Resources for Faculty and Staff

Assisting the Emotionally Distressed Student

As a faculty or staff member interacting daily with students, you are in an excellent position to recognize behavioral changes that characterize the student with mental health needs.

Your ability to recognize the signs of emotional distress, and your courage to acknowledge your concerns directly to the student, help students feel cared for and allow for an important first step in receiving help. Oftentimes our own feelings (i.e., uneasiness, anxiety, fear) can be excellent indicators that something is not quite right.

If you ever have these types of feelings and are not quite sure what to do, this guide can be helpful. You are also welcome to call the emergency consultation line to reach a clinician whenever you are concerned about a student (781-736-3785).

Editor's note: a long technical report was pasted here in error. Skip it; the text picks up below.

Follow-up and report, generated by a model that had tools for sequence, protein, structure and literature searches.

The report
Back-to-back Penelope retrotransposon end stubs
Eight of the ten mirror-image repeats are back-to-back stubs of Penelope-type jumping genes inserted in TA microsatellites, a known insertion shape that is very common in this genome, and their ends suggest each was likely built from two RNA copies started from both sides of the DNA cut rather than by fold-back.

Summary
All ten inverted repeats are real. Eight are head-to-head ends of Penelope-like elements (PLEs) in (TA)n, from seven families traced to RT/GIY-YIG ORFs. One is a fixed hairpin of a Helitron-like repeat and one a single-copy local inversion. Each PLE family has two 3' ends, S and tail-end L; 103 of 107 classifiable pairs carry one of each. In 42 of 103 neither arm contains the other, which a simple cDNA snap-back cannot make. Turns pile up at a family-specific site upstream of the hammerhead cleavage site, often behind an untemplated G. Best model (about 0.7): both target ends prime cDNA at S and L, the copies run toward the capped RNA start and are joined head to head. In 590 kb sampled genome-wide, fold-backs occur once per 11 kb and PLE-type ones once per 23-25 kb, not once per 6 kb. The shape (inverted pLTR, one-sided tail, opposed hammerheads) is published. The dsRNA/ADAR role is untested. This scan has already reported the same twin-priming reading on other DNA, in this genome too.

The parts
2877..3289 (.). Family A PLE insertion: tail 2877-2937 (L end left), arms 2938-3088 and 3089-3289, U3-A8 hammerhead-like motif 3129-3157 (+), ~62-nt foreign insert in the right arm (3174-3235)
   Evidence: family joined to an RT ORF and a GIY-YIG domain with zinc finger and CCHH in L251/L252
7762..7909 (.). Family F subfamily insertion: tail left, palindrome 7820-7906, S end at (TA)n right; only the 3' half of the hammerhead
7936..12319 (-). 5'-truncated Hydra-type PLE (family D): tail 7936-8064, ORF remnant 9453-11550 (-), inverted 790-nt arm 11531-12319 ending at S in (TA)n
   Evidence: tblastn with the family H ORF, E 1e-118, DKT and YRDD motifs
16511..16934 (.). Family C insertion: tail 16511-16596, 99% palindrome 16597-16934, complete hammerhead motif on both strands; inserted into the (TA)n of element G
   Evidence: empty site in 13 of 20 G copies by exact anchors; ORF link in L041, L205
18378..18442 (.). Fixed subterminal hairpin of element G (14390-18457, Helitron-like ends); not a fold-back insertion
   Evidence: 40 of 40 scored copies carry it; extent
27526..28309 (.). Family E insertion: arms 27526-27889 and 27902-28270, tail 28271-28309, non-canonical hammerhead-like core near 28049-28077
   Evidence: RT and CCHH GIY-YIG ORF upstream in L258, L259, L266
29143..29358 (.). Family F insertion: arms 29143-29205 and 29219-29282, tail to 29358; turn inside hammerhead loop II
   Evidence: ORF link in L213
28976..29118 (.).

Services Available at the BCC

The BCC offers short-term therapy and stabilization, group therapy, community therapy, dog therapy, psychopharmalogical assessment and medication management, alcohol and drug treatment and eating disorder treatment. A case manager is also available to make referrals to treatment in the wider community.

Symptoms Behaviors Actions

Mild

Declining performance, absences

Moderate

Repeated requests for extensions, distracting in class, prolonged absences

Same actions as above AND:

Severe

Stalking, threats to others, overt suicidality, inappropriate communication, highly disruptive

  • If the student is on campus: Call Public Safety (781-736-3333)
  • If the student is off campus: Call 911
  • Do not leave student alone

Call the Counseling Center for a more extensive referral list at 781-736-3730.

Our sincere thanks to the Counseling Center at California State University, Fullerton, and the California Organization of Counseling Center Directors in Higher Education whose combined efforts we have liberally borrowed to include in this resource.